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Lisa Ono: Rio Bossa

Track List

>Festa de Rua
>É Luxo Só
>Senza Fine
>Na Santa Paz
>Volta, A
>Retrato Em Branco E Preto
>O Pato
>Cerejeira Do Japao
>Dom de Iludir

Album Notes

Personnel: Lisa Ono (vocals); Nelson Faria (guitar); Franklin daFlauta, Paulo Guimaraes (flute); Vittor Santos (trombone); Antonio Adolfo (piano); Wilson DasNeves (drums); Sidinho Moreira (percussion); Muiza Adnet, Mario Adnet (background vocals).

Recording information: Discover Studio, Rio De Janeiro, Brazil (03/1996-04/1996); Impressao Digital Studio, Rio De Janeiro, Brazil (03/1996-04/1996).

Photographer: Nana Moraes.

Arranger: Antonio Adolfo .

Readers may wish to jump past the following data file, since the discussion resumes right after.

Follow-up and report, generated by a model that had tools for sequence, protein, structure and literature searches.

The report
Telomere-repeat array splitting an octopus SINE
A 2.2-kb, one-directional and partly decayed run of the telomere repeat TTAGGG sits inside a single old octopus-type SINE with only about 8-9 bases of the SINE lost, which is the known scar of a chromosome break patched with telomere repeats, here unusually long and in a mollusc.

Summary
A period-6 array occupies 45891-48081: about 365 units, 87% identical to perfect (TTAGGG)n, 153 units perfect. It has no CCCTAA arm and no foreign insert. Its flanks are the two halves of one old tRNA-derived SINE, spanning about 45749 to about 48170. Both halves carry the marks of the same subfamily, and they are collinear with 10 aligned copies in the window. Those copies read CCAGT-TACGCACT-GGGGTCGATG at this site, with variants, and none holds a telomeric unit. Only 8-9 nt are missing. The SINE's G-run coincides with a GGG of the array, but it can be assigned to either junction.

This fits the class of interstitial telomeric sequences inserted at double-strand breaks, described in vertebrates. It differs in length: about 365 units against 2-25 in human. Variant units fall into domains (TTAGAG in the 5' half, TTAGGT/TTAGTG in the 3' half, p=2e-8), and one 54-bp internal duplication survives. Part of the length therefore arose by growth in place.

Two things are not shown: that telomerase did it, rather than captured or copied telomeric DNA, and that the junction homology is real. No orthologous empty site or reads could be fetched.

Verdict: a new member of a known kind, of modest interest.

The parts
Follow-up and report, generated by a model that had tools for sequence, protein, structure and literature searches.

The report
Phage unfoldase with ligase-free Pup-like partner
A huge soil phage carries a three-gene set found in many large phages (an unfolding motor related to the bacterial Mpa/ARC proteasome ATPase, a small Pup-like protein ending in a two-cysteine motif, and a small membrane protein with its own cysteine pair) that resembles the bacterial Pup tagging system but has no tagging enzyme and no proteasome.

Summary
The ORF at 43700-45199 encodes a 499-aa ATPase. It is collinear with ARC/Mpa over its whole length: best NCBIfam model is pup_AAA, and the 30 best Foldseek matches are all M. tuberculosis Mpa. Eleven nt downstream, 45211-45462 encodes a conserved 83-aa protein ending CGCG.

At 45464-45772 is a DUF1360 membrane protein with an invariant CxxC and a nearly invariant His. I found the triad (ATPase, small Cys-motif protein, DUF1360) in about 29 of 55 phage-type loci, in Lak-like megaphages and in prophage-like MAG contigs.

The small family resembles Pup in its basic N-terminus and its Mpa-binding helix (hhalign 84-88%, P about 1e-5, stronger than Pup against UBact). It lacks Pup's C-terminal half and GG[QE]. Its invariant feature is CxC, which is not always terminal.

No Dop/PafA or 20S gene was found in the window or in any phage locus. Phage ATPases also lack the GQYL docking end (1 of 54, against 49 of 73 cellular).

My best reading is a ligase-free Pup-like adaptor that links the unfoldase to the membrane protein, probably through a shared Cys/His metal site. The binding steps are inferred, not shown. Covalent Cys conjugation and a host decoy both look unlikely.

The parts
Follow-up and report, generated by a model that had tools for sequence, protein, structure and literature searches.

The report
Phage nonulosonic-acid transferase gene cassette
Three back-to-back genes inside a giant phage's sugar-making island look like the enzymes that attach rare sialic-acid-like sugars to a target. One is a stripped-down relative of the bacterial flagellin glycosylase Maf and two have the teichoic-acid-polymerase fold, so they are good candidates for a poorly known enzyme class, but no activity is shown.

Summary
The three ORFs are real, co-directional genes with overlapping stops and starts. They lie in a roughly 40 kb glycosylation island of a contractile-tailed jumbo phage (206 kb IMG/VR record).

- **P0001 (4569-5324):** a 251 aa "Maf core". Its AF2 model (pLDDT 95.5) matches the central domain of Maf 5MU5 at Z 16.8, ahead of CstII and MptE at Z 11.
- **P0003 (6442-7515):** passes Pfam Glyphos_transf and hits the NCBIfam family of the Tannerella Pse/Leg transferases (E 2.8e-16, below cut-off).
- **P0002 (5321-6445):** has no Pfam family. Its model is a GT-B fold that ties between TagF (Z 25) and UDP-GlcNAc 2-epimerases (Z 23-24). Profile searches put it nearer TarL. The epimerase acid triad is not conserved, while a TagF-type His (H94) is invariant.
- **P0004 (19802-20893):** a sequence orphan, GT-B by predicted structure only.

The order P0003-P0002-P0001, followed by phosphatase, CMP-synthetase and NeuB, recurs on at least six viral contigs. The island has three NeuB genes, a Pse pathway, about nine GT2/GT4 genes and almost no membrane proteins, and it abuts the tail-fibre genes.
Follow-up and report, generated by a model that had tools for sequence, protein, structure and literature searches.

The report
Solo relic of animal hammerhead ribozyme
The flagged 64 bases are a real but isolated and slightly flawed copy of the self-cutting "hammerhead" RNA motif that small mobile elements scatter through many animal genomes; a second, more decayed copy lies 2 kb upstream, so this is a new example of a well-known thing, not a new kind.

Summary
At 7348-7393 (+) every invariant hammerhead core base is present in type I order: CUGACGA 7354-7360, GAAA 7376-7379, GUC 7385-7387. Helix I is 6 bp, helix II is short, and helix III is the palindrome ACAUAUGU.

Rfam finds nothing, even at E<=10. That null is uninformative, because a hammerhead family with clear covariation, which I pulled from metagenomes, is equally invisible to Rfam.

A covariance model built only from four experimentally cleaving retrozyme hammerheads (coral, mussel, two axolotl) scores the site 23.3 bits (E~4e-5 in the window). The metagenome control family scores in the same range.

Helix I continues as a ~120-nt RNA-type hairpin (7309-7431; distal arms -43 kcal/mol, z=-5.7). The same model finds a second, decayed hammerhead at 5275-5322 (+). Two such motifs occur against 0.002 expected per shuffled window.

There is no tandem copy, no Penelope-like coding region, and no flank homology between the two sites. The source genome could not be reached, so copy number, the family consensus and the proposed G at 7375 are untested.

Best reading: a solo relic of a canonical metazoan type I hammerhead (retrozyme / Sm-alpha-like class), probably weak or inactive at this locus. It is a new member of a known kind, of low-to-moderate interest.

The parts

This recording is a bit of a change of pace for the Japanese bossa singer, in that here Ono digs deeply into the talent of bossa nova gospel, both old and new, rather than relying on her own very worthy songwriting skills. Some of the songwriters present include Tom Jobim, Eumir Deodato, Baden Powell and Vinícius de Moraes, Claudio Nucci, Caetano Veloso, and others. Produced by Brazilian legend Antonio Adolfo, Ono surrounds herself with a gorgeous host of tunes, including Dorival Caymmi's "Festa de Rua," which opens the album with shimmering acoustic guitars and layers of lilting hand percussion by Sidinho, all of which seem to propel Ono's voice outside the song, as if to observe what is being sung by osmosis. Adolfo's arrangements traditionally bring the instrumentation to par with a singer's voice, and these are no exception. But his work also places the vocalist in a safety zone, a place from which to express the poetic quality in most bossa tunes and certainly in all of the good ones. Here Veloso's "Dom de Iludir" is treated like a rare gem by Adolfo's pianism. Ono's voice slides out from between it and the percussion instruments as a guitar trails after her. The breezy lightness in the cut stands at odds with the heartbreak that comes though in her delivery. Elsewhere, such as on Deodato's "Baiaozinho," Ono's voice becomes a percussive element in and of itself as she delivers the narrative in the body of the song. Adolfo floats her singing into the tempo, as if a counterbalance to the already percussive guitaristry of Nelson Faria. The effect is chilling and arrests the listener as she or he comes to grip with singing not as a solo activity or even a vocal one, but an instrumental one. This is one of Ono's finest moments in a career already marked with distinction. ~ Thom Jurek


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